I, for one, have always preferred cold weather to warm weather. Don't get me wrong, I certainly don't want 365 days of polar vortexes, but overall, I prefer coldness over warmmth. I'm too sweaty to function during summer, & I look cuter in sweaters than in shorts, & maybe my internal thermometer is off, or something, but I've always felt very Elsa about winter. You know: The cold never bothered me, anyway. 

Brite Winter is a celebration of that aspect of Cleveland life: that, yes, it gets really cold here, but no, life doesn't stop when it does. As a city of robust activities & events during the warmer season, why should we have to stop all those activities & events when it gets cold? 

I’ve only been to Brite Winter once & wanted to go this year because one of my favorite bands, Smallpools, was the headliner. Exciting! Mike’s friend Adam was visiting from Brooklyn, & he was surprisingly enthusiastic about joining us at this outdoor event on a cold, windy Cleveland night.

What’s it like to attend a festival beneath a bridge in the middle of winter? Imagine:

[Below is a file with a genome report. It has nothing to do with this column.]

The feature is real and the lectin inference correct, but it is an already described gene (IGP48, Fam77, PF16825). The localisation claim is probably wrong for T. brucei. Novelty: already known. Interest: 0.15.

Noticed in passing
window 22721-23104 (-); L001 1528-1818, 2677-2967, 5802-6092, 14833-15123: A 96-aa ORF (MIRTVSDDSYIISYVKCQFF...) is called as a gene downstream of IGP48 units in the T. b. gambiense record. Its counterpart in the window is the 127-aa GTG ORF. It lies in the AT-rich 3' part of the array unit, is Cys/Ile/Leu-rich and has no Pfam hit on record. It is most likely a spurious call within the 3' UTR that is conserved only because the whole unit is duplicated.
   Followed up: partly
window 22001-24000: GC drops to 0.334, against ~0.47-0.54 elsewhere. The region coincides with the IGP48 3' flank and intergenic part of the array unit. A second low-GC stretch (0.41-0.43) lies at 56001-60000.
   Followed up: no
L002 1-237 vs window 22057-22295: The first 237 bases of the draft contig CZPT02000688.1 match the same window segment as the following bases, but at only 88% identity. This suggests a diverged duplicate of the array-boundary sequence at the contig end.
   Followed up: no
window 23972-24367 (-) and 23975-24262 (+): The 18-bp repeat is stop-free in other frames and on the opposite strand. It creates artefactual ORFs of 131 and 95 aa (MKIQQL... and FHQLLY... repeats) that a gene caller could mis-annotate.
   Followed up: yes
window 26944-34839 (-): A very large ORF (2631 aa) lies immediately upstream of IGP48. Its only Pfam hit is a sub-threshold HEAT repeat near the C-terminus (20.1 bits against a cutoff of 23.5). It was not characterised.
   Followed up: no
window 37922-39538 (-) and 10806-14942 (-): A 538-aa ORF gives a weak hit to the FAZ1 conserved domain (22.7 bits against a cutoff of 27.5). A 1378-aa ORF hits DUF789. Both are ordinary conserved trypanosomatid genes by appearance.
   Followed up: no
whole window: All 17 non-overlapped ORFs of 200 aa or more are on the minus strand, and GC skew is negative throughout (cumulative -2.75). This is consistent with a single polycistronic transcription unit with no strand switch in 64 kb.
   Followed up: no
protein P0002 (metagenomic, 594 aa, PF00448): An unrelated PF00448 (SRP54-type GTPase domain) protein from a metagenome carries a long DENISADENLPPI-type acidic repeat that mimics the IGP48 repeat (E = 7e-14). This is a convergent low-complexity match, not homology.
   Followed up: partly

·         Two stages with live music throughout the day & late into the night
·         Drink tickets at varying price points, to be redeemed for Mancan wine, Tito’s cocktails, & a variety of beers from local brewery Platform Beer Co.
·         Lots of lighting – including snowflakes, pro-Cleveland slogans, & names of event sponsors –  projected onto the side of the bridge & other architectural elements
·         A food truck court featuring a few of the best local mobile eats, including Swenson’s. We decided Adam had to try a Galley Boy & Potato Teezers!
·         Photo ops like ice sculptures, the roving #ThisisCLE statue, & large seating structures shaped like ice formations
·         Warmth provided in the form of bonfires in trashcan-like receptacles… with $5 s’mores kebabs for sale to roast over them.

Unfortunately, due to incoming rain & a particularly intoxicated member of our party, we did not get to see Smallpools play live. In fact, we were back in our apartment by 9:30pm, doing a Disney movie-themed power hour & eating pizza from Edison’s. But I was glad we went at all & especially that we got to show an out-of-town friend one of Cleveland’s finest & more unique events. Brite Winter makes the rest of winter feel a little bit more bearable!